PHOENIX, Ariz. Marketing messages have at least some impact on what outreach activities in which churches choose to engage, a new survey suggests.
According to the Ellison Research survey released in January, Vacation Bible School is the most common outreach program, used by 70 percent of all churches. It is also the outreach that is most lucrative for publishers and most actively marketed to churches.
VBS did not exist in the United States until the last decade of the 19th century, but it did not become a common part of church life until the 1950s, when curriculum providers began offering "turn-key" teaching materials. Today, some VBS training packages include videos and other sophisticated teaching toolsand can cost churches thousands of dollars.
The second most commonly used outreach activity was the distribution of religious literaturean activity also heavily promoted by Christian publishers. About 59 percent of churches distribute tracts or magazines.
Activities that require more time than money tended to rank lower on the list of outreach activities. Nursing home or retirement center visits were done by less than half (49 percent) of churches. Other activities included "invite-a-friend-to-church" days (42 percent), revivals or crusades (40 percent), evangelism training classes or groups (38 percent), door-to-door visitation within the community (37 percent), community service such as cleanup days (31 percent) and booths at community events such as the county fair (20 percent).
Ninety-seven percent of all churches report doing something specifically for the purposes of evangelism over the past year.
In general, evangelical churches use a greater variety of evangelistic tools than do mainline Protestant churches. Evangelical churches are considerably more likely to attempt evangelism through literature, revivals or crusades, evangelism training classes or groups, door-to-door visitation, and audio/visual products, while mainline churches have only a greater propensity for doing community service as a form of evangelism.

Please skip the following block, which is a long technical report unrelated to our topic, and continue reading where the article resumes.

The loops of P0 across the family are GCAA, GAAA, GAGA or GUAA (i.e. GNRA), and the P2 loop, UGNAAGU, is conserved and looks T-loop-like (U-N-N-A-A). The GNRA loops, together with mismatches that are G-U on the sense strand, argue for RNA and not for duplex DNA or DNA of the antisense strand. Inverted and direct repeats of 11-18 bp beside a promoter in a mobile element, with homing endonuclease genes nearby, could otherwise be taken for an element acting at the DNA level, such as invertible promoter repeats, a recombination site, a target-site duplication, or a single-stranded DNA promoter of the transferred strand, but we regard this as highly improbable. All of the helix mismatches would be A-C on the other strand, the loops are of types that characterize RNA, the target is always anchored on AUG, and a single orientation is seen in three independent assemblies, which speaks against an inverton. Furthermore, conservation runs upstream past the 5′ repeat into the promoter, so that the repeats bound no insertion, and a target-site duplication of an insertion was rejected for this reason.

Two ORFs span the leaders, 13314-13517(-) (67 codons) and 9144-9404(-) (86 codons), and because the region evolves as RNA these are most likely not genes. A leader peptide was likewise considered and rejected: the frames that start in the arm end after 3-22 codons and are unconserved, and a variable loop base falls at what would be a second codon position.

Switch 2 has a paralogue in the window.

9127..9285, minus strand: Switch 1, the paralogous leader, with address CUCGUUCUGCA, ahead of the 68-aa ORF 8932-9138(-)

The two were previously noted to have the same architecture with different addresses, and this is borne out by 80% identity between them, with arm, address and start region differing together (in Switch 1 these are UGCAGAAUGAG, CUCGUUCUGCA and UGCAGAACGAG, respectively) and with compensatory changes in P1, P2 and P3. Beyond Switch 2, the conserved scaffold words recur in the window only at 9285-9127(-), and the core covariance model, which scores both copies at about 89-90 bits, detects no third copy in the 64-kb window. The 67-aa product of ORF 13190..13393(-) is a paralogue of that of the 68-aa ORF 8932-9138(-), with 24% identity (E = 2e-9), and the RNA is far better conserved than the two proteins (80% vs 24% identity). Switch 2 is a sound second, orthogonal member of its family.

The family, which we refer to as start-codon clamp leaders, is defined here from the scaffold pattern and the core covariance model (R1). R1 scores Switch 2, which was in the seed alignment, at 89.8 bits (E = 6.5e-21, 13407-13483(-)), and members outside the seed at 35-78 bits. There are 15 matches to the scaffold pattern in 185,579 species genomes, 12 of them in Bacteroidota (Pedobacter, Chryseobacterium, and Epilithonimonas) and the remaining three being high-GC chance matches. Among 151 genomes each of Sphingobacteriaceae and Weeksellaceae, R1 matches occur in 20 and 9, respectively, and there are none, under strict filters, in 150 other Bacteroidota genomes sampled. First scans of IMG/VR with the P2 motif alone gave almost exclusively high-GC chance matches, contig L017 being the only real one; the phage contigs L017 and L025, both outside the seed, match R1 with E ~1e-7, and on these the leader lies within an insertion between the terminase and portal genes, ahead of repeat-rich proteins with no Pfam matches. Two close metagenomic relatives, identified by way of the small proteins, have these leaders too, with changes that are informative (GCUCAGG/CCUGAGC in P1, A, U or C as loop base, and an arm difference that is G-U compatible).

Other types of community outreach offered by much smaller proportions of churches in the past year include prison ministry (25 percent), homeless outreach (24 percent), Boy Scouts or Girl Scouts (20 percent), blood drives (17 percent), after-school programs for kids (14 percent), sports programs (11 percent) and outreach to specific ethnic groups (11 percent).
Fewer than one out of 10 Protestant churches offer any kind of free or low-cost day care services, abortion or pregnancy counseling, domestic violence programs, English language classes, job skills or job training, or adult literacy or reading classes.
About 39 percent of pastors surveyed said they were not interested in increasing their outreach activities.
Ron Sellers, president of Phoenix-based Ellison Research, found it ironic that so many churches and pastors put a low priority on doing more to reach out to their community.
"In an environment where communities and people have so many needs, and in which church growth is such a hot topic and a stated goal for so many pastors, it seems odd that so many churches really don't wish to do more," Sellers said.
"This lack of priority takes many formsthe congregation isn't interested, the community doesn't want our help, we want to focus on our own peopleyet if churches are not consistently reaching outside their own walls, how are they to grow? It was particularly surprising to see about four out of 10 mainline pastors, who tend to place so much emphasis on the social gospel, essentially saying that increasing community outreach isn't a high priority for their church."
The survey results appeared in the January/February edition of Facts & Trends magazine, which is published by LifeWay Christian Resources of the Southern Baptist Convention. Ellison used a representative sample of 811 Protestant church ministers nationwide.